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Saturday, August 02, 2014

A Simple Wish

It's time for another edition of the Saturday Night At The Movies, and as promised, I will be continuing a special ten-part series based on a discovery that I made at my workplace one day.

Last week, I told you about how I bought a 10-pack of movies for the price of five dollars.  All of these movies are family films that were released during the eighties and nineties, and while some of these films weren't exactly considered Oscar winning masterpieces (well, okay...none of these films are Oscar winning masterpieces), I still enjoyed them enough to give them another whirl.

This is week #2 of 10, and this movie feature will wrap up on Saturday, September 27, 2014.  And last week, we took a look at "The Wizard", a film which starred a 13-year-old Fred Savage, and featured the first appearance of the video game "Super Mario Brothers 3". 

For this week's edition of the blog, we're going to take a look at a film that was released seventeen years ago, and features a very different kind of fairy godmother.

I'm sure that most of us have seen the movie "Cinderella".  While this is not the movie that I will be looking at this time around, there is an element in common between the other film that I want to discuss. 

Halfway through Cinderella, Cinderella happens to have a fairy godmother intervene and give her a temporary makeover so that she can meet the prince of her dreams.  You see, with a flick of the wrist and a "bibbidy bobbidy boo", Cinderella's fairy godmother made it her mission to grant whatever wish she desired - albeit for a limited time only.

And since Cinderella became the belle of the ball all those years ago, fairy godmothers have made appearances throughout media from "Witch's Night Out" to "The Fairly OddParents".  Even "Shrek 2" had a Fairy Godmother - but of course, that fairy godmother did more harm than good.

But what happens when you have a male fairy godmother who seemingly doesn't have any control over his powers and ends up transforming simple wishes into dreams that people never had in the first place?  What if your simple wish was granted by this fairy godmother, and it ended up turning into the exact opposite thing that you wished for?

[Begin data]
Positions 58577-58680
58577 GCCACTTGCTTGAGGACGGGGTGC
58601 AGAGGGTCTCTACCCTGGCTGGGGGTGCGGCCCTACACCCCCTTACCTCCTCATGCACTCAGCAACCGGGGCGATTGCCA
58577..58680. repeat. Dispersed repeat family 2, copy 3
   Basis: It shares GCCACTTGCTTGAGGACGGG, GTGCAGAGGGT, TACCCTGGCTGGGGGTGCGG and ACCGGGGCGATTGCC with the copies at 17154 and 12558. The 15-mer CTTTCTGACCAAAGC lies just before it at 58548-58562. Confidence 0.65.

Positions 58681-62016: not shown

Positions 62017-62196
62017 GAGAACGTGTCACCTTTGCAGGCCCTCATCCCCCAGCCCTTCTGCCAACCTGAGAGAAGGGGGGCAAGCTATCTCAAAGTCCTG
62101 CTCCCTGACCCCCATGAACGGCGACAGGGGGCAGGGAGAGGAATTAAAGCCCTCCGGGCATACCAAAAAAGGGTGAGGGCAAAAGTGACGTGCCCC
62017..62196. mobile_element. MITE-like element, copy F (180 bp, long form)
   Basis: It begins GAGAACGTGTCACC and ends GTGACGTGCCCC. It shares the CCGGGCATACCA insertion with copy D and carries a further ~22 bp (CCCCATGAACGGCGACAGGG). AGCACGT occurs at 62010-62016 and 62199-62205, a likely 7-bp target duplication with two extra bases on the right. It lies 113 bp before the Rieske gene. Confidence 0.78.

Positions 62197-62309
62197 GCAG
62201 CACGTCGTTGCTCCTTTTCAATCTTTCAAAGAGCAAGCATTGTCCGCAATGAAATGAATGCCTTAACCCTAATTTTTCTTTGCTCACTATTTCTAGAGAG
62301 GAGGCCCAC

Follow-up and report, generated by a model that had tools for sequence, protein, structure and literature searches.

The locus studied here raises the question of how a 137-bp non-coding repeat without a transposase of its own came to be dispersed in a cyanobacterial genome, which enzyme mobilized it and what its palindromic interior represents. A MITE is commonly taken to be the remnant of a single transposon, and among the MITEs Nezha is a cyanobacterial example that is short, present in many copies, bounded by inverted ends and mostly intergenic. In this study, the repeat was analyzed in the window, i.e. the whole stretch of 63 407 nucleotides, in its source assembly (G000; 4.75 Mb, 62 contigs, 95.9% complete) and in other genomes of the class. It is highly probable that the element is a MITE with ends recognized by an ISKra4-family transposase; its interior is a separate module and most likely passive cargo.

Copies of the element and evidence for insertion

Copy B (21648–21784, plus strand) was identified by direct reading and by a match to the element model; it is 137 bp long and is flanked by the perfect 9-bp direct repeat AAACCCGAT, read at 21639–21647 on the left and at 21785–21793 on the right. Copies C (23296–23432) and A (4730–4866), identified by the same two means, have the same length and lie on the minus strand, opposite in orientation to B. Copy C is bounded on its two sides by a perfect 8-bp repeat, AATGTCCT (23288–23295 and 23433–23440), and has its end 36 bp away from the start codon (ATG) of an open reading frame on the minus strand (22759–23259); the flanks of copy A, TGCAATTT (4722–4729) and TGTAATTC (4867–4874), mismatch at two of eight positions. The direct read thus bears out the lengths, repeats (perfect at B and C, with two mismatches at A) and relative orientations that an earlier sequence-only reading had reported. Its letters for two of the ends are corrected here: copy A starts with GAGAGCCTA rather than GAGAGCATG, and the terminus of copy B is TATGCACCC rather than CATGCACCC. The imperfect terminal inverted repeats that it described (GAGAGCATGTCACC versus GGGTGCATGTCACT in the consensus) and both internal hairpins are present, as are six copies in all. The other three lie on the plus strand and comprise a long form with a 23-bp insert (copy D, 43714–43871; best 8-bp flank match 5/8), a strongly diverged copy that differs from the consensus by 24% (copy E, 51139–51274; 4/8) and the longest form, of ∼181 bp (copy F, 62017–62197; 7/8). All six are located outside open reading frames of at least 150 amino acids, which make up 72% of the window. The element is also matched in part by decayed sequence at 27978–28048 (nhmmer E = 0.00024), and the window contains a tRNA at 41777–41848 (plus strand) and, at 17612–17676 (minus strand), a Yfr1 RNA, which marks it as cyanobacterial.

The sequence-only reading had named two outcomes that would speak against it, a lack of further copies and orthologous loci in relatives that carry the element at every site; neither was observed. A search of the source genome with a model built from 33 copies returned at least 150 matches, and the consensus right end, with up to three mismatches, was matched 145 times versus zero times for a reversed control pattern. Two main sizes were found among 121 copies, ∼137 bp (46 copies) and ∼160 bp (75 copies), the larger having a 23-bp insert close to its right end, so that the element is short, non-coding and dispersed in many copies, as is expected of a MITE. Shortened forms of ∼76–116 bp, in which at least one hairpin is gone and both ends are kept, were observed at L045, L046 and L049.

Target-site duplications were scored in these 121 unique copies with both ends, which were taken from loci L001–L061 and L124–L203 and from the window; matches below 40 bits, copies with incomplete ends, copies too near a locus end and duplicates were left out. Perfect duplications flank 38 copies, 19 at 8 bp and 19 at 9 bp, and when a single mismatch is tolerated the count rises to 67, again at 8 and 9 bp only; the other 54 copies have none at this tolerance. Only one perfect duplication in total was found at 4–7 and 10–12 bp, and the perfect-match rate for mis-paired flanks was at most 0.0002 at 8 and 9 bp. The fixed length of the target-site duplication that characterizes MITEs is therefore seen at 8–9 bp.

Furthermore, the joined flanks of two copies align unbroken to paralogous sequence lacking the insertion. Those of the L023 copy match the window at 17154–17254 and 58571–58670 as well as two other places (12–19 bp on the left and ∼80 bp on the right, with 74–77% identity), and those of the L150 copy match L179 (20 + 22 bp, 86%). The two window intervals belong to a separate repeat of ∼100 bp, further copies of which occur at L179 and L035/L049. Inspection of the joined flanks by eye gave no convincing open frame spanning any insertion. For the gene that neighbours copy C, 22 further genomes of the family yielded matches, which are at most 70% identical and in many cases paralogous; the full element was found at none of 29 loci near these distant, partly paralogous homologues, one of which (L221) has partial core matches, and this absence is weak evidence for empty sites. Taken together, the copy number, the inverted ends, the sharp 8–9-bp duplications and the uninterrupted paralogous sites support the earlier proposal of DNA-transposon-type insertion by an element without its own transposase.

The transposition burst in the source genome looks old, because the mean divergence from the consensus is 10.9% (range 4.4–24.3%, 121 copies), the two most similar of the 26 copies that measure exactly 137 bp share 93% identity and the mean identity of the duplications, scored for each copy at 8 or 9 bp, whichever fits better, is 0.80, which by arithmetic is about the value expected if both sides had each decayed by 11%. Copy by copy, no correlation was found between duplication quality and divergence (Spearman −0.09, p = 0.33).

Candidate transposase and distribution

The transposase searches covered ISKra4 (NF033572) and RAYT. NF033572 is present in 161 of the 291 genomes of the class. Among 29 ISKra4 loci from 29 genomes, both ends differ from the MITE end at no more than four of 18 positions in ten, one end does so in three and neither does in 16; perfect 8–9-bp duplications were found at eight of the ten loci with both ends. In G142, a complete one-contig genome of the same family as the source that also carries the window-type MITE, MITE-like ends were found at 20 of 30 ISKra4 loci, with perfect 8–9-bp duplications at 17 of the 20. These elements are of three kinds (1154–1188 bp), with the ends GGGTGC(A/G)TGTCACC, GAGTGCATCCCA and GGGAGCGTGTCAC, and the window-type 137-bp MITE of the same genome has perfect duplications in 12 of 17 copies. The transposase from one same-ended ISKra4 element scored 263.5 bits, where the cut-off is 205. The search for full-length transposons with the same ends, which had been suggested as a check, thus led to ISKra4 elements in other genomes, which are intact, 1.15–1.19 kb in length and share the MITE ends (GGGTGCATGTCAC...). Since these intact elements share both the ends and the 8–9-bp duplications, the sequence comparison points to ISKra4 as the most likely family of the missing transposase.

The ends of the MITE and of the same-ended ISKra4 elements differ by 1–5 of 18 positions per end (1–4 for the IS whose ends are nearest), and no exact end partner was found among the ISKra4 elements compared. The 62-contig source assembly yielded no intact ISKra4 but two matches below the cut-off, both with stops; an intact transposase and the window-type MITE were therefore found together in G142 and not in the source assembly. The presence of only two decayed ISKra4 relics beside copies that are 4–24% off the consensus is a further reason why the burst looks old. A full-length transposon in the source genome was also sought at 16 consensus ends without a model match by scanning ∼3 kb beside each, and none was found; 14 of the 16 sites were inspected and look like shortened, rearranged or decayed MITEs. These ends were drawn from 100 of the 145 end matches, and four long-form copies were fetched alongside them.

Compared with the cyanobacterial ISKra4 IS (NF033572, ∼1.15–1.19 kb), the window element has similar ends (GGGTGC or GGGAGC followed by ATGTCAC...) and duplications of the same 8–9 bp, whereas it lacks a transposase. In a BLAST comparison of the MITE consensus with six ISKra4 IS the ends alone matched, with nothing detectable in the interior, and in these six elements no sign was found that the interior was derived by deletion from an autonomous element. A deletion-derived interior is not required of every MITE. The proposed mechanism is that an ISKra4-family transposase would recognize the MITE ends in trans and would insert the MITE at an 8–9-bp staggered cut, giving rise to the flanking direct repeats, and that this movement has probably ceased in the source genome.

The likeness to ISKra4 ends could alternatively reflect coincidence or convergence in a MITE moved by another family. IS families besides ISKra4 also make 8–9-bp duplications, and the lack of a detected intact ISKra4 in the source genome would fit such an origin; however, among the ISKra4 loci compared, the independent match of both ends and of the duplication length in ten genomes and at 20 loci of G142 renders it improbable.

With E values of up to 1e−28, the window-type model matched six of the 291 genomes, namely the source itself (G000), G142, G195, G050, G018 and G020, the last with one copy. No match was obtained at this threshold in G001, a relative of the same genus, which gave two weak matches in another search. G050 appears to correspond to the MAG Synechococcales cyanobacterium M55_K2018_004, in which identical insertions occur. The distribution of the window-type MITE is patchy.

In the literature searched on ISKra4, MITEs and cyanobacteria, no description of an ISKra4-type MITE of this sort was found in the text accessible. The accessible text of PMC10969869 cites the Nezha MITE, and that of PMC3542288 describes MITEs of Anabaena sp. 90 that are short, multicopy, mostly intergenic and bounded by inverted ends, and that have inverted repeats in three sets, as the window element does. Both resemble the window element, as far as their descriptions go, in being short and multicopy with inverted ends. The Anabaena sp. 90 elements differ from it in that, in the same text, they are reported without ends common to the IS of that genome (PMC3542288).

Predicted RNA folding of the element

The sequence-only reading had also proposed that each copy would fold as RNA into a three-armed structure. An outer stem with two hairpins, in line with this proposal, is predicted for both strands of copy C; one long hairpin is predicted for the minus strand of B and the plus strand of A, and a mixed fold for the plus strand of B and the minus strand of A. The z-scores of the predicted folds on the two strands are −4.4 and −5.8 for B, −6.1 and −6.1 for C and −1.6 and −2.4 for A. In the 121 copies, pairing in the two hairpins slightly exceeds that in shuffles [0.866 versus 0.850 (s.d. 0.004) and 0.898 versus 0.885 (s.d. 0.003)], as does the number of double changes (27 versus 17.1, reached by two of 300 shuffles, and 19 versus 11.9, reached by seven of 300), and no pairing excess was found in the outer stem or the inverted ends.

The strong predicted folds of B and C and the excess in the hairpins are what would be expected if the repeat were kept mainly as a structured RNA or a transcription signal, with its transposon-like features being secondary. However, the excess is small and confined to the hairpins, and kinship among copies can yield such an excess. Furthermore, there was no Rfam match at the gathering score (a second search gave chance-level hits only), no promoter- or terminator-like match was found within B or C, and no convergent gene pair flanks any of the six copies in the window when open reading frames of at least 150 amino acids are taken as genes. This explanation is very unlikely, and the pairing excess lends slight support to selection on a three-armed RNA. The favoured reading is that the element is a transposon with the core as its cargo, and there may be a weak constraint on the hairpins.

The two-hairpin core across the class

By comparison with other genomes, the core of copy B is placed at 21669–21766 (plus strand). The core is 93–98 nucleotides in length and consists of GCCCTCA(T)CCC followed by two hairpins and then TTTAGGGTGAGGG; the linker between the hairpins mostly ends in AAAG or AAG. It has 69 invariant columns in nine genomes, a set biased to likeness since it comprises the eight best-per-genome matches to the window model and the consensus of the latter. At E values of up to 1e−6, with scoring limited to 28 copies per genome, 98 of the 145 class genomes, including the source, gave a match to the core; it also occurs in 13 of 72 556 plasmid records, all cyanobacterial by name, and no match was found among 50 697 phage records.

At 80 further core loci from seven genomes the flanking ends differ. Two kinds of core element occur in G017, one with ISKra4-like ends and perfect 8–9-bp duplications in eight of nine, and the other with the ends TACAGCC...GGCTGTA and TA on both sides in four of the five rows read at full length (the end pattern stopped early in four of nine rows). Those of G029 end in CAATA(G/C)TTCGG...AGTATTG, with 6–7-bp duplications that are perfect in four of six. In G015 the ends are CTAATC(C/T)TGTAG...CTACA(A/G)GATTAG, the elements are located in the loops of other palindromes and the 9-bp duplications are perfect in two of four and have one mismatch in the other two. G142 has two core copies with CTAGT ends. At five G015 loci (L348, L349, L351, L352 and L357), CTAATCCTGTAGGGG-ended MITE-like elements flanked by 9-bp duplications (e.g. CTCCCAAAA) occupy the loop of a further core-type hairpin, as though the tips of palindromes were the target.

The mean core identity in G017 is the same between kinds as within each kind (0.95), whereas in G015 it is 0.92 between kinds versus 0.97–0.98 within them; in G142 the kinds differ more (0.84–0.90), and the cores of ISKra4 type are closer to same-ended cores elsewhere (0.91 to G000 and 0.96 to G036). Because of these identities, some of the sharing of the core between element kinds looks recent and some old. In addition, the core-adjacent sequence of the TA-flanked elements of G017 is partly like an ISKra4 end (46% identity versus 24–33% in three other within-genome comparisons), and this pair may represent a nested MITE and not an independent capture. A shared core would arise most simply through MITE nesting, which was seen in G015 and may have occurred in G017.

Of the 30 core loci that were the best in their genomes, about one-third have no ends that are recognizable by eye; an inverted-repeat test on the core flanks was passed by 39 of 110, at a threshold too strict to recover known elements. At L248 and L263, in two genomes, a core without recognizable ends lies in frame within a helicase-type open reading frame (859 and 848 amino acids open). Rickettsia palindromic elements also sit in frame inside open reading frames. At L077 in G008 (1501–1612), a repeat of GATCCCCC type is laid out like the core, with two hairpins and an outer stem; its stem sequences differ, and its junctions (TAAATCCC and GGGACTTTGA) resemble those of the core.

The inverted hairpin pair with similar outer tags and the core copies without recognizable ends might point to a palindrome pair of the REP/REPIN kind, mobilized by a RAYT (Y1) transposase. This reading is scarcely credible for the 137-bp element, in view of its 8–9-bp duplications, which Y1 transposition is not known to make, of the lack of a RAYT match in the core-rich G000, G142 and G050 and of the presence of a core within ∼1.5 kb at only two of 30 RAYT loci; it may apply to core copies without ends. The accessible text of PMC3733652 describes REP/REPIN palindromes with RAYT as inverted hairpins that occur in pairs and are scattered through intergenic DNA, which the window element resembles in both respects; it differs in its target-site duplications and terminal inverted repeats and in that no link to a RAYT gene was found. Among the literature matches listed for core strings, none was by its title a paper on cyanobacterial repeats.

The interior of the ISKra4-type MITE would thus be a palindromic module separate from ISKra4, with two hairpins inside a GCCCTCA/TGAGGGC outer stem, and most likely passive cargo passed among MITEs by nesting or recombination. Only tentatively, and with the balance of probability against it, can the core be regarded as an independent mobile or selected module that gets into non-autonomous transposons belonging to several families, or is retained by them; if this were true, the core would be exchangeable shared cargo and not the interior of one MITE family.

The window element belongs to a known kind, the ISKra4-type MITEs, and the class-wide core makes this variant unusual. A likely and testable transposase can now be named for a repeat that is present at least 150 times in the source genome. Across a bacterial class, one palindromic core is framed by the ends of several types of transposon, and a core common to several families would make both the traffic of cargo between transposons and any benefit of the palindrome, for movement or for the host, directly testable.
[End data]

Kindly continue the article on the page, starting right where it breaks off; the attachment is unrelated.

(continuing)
Well, in the 1997 film "A Simple Wish", that's exactly what happens, as a little girl makes a wish for her father, and it unfortunately ends up in the hands of one of the most inept wish granters to ever exist.

Despite the film's star power - actors Martin Short, Kathleen Turner, Robert Pastorelli, Ruby Dee, Amanda Plummer, Francis Capra, and Mara Wilson all had roles in the film - the film only managed a 27% approval rating on Rotten Tomatoes and was savaged by critics.  It also only made eight million at the box office - which was a twenty million dollar LOSS.  Ouch.

But despite the fact that this movie was a box office bomb - there's a part of me that actually didn't mind the film.  Sure, it wasn't the best film that I've ever seen...but at the same time, it is far from being the worst.  After all...I did walk out of the theatre halfway through "Freddy Got Fingered".

Sigh...Tom Green...what the hell were you thinking?

Okay, so here's the situation of the film.  Murray (Short) is the only man in a room filled with hopeful fairy godmothers, all vowing to pass their final exams to become a full-fledged godmother with all the perks.  And, to say that Murray is a guy who prefers to do things the easy way is probably one of the biggest understatements of the film world.  He tries cheating on the exam multiple times but fails at every attempt, and ends up becoming one of the last students to finish.  Despite the fact that he is woefully unprepared, he barely passes the exam.